The First Doctor's outfits are cobbled together from random pieces pulled from the BBC costumes department. No one had the slightest idea that the show would become a hit, so no one thought that the Doctor needed anything special in the way of wardrobe. (William Hartnell, for one, took the part because he wanted to do something his grandchildren could watch him in, his career otherwise consisting mainly of serious stage work and dramas.) The style of dress he sports is a good eighty years out of date even by 1963, when the first episode aired, but beyond that the details changed at the whim of continuity.

Doctor Who is notable for, among other things, a relative lack of limp, useless women. I expect this had something to do with the fact that for the first few years, the show was produced by Verity Lambert, the BBC's first -- and at the time only -- female producer. Recommended personally by the already well-known Sydney Newman, Lambert was quick to establish a reputation as not only very savvy about both her production crew and her audience, but as a determined little spitfire, and Not To Be Trifled With. She stayed with DW for only a few years, but went on to have a long and distinguished career at the BBC, Thames Television, and later as an independent producer (with her own company, Cinema Verity) of both film and TV. She passed away in 2007, having been appointed an Officer of the Order of the British Empire in 2002, and having been responsible for a great many things I love, among them the Jonathan Creek mysteries.

Nor was Lambert the only woman to make her mark on early DW history. The characteristic theme song, which has been mixed and remixed dozens of times over the years, was the work of Delia Derbyshire, of the BBC Radiophonic Workshop. Working from a basic score provided by Ron Grainger, Derbyshire used techniques then being developed for the art of musique concrète -- a lot of what would now be known as circuit-bending -- to produce the first TV theme tune arranged and performed entirely electronically. That was no joke in 1963. You want something that goes weeee~~eeeem now, you just go to the toddler section of the nearest toy store and pick up a drool-proof keyboard, but back then, that involved fussing with enormous reels of magnetic tape and a rack full of waveform generators. Mixdown and editing were primitive at best; putting together that short song involved hours painstakingly routing and rerouting signals, and fussing with actual physical lengths of mylar tape.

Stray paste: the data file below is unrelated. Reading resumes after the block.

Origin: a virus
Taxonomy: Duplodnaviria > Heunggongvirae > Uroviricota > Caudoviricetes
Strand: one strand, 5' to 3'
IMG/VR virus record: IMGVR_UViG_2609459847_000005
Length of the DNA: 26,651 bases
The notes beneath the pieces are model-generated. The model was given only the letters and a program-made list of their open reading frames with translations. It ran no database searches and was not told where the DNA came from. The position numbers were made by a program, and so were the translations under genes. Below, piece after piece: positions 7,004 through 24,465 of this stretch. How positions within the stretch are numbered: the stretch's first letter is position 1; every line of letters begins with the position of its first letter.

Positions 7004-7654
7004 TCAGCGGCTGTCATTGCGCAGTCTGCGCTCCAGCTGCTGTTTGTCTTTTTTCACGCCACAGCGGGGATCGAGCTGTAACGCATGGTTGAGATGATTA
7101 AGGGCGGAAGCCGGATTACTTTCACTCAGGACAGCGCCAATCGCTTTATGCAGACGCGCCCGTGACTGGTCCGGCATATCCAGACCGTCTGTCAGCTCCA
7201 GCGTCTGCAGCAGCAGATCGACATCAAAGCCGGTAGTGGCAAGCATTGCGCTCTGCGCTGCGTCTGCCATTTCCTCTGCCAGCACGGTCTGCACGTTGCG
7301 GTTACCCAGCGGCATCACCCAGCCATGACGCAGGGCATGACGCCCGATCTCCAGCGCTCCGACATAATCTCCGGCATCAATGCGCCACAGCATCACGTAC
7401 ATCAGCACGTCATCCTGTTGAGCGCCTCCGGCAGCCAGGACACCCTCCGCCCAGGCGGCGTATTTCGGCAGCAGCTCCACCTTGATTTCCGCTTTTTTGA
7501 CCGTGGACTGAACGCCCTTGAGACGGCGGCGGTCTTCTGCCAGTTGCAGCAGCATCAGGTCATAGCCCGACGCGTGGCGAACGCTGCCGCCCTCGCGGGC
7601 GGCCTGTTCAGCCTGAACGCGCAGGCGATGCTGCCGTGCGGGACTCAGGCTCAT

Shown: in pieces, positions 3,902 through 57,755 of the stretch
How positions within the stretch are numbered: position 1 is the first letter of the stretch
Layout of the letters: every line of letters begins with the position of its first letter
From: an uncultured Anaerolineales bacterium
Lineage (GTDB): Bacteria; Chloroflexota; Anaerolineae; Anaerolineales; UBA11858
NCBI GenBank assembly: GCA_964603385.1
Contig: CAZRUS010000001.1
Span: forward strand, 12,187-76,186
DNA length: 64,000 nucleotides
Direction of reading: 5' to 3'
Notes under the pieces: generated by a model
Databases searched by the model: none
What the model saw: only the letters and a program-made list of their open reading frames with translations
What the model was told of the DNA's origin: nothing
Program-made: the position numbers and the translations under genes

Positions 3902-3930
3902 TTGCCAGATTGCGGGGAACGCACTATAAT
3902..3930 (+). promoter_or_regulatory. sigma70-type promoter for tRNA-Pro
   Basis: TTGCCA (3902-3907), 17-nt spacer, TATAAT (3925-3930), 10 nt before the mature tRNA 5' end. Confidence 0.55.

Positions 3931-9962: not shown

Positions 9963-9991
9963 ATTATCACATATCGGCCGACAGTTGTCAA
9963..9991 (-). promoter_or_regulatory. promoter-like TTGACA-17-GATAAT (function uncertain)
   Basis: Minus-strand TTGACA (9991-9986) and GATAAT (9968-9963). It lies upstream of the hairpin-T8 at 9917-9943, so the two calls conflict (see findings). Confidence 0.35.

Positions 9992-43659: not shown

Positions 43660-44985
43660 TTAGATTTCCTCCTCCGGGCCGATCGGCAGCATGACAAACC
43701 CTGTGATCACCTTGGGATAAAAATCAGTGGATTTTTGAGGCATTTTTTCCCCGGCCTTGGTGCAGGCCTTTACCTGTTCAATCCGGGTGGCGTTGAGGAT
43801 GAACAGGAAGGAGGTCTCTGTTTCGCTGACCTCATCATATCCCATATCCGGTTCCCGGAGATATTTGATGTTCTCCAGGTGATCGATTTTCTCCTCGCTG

The First Doctor's tenure saw the introduction of the infamous Daleks, as well as the Cyberemen, who actually managed to take him out the first time. The idea of regeneration emerged from a desire to keep the show going after Hartnell's health took a nose dive, and it was obvious that he was not going to last much longer as a working actor, much less one on a show that involved as much running around as DW. Someone pointed out that the Doctor was some kind of alien; who knew what happened when you dealt him enough damage? The regeneration sequence from the First Doctor to the Second is unfortunately among the many film clips that have been lost over the years, although various reports indicate they hadn't quite got the details hammered out yet. Most Doctors regenerate and then immediately scuttle off to change clothes; the Second Doctor leapt up already in his sack coat, leaving behind only the ring that was suddenly too big for his finger.

Video clips:

The Doctor takes off for the first time.

Ian attempts to keep disbelieving in the time machine.

The Doctor's farewell to Susan.